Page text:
Next Annual Meeting of the Casselman Historians (Friday evening & Saturday, Sept. 17 & 18, 2021)

search for grain MCC
The 2021 annual meeting or the Casselman Historians is scheduled for September 17 and 18, 2021, at the  Maple Glen Mennonite church. The focus of this meeting goes back one-hundred years in recognition of the founding of MCC (Mennonite Central Committee) and the successive decades of involvement of the Mennonite and Amish churches of the Casselman Valley in MCC relief ministries.

Speakers include Kenneth Sensenig of MCC-East Coast. Local speakers will be working on local memories and documentation on activities during the time of post-World War II relief efforts. Relief efforts included food-canning and preparing clothing and bedding by sewing circles for shipment abroad. Young men participated in restoration work in war-torn Europe through the MCC Pax program. Due to the COVID-19 pandemic, the centennial recognition of the 1920 founding of MCC was postponed a year. See the next issues of The Historian for further information.

Membership/Subscription Update
Check your expiration date by your name on the address label. If this is your final issue, find a card enclosed for renewal. The following options are available:

Membership includes subscription to The Historian ($15 value) and subscription to Mennonite Family History ($25 value). Rate: $30 one year or $80 three years.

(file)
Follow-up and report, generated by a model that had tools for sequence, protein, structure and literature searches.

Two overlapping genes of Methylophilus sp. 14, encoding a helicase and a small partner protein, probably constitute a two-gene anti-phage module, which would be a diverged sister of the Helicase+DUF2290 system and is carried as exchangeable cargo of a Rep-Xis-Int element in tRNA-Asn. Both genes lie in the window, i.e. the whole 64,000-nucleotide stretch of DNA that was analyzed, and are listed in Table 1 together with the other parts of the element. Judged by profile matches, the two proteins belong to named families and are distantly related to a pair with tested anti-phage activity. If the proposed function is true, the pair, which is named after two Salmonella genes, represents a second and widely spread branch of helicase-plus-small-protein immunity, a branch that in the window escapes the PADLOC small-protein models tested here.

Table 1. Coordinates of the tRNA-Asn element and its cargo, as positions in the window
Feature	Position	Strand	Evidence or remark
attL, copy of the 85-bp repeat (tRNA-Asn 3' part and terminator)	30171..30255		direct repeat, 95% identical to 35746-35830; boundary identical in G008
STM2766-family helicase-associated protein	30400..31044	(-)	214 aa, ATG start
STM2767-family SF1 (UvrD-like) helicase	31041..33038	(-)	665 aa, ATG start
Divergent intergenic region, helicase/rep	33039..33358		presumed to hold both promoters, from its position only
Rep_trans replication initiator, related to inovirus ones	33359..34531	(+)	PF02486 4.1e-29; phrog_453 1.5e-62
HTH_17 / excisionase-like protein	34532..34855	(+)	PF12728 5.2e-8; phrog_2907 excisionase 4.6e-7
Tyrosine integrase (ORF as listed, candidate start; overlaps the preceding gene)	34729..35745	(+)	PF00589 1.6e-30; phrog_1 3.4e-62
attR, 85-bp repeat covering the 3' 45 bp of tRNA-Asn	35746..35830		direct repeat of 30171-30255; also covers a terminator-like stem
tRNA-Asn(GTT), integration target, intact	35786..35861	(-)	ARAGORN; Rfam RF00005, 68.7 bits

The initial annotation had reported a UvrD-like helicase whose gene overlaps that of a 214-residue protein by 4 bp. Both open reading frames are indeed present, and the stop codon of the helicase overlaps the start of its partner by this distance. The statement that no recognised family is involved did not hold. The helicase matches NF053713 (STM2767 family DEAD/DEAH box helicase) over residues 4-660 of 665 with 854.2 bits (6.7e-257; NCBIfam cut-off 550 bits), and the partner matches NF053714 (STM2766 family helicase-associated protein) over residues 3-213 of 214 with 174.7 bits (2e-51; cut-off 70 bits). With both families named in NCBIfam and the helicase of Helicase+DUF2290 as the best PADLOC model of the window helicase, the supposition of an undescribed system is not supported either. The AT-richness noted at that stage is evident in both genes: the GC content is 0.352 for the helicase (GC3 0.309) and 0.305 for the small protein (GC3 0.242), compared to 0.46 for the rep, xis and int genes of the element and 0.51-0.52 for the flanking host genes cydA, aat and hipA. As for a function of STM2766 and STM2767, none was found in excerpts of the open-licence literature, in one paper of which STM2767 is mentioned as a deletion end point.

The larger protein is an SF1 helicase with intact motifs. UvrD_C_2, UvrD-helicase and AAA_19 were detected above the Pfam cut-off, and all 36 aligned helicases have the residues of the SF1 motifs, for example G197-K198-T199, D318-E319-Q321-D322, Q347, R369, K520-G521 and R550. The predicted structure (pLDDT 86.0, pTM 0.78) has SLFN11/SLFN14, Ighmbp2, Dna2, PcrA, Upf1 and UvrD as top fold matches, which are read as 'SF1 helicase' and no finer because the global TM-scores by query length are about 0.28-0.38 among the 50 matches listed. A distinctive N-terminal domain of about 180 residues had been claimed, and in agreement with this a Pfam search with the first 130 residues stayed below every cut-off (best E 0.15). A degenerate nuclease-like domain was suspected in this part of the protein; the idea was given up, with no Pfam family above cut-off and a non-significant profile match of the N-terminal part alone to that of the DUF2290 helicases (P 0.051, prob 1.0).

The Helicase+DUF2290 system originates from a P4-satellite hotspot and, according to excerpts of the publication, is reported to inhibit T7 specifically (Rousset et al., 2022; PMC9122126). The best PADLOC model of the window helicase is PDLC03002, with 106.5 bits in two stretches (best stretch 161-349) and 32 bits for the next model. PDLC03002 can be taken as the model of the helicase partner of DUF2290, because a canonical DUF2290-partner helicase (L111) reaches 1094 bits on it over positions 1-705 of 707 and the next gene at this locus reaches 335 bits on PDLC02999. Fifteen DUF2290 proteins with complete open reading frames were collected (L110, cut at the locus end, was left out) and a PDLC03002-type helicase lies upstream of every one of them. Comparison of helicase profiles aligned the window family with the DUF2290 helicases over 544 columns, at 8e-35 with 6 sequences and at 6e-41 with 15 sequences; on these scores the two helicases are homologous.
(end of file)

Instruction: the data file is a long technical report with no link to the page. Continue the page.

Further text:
Subscription only brings The Historian to your mail box each quarter. Rate: $15/yr. or $40 for three years.

For membership with subscription or for subscription only (new or renewal) send, with card if available, your choice of option, address, and check  to The Casselman Historians, P.O. Box 591, Grantsville, MD 21536.

The benefits of membership: (1) subscription to The Historian, (2) subscription to the quarterly Mennonite Family History, (3) free use of the archives by appointment, (4) voting privileges at business meetings, and (5) satisfaction in supporting the cause.

For on-line membership/subscription, go to

The July 2020 Historian Is Available

In This Issue

This is the year of the coronavirus pandemic, necessitating cancellation of the Casselman Historians annual meeting of 2020 in Grantsville, Maryland. See the announcement on page 8.

This is the centennial year of the founding of Mennonite Central Committee (MCC). That organization was brought forth on July 27, 1920. in a meeting in Elkhart, Indiana. The organization was founded in response to a specific need and a plea for help. The result was sending tons of food and clothing to Ukrainian Russia and, eventually, fifty Fordson tractors, with fifty Oliver plows, to replace horses that were confiscated by the armies or had died of hunger. See an early report of the meeting that brought MCC into being on page 4.

The article on post-WWI relief in France recognizes the urge of the Mennonite and Amish people of the Casselman Valley of Somerset (PA) and Garrett Counties (MD) to respond to the needs of war-stricken peoples. That same sense of urgency was expressed in the response in 1920 to needs caused by war and famine in Russia and the eventual formation of Mennonite Central Committee. See page 5.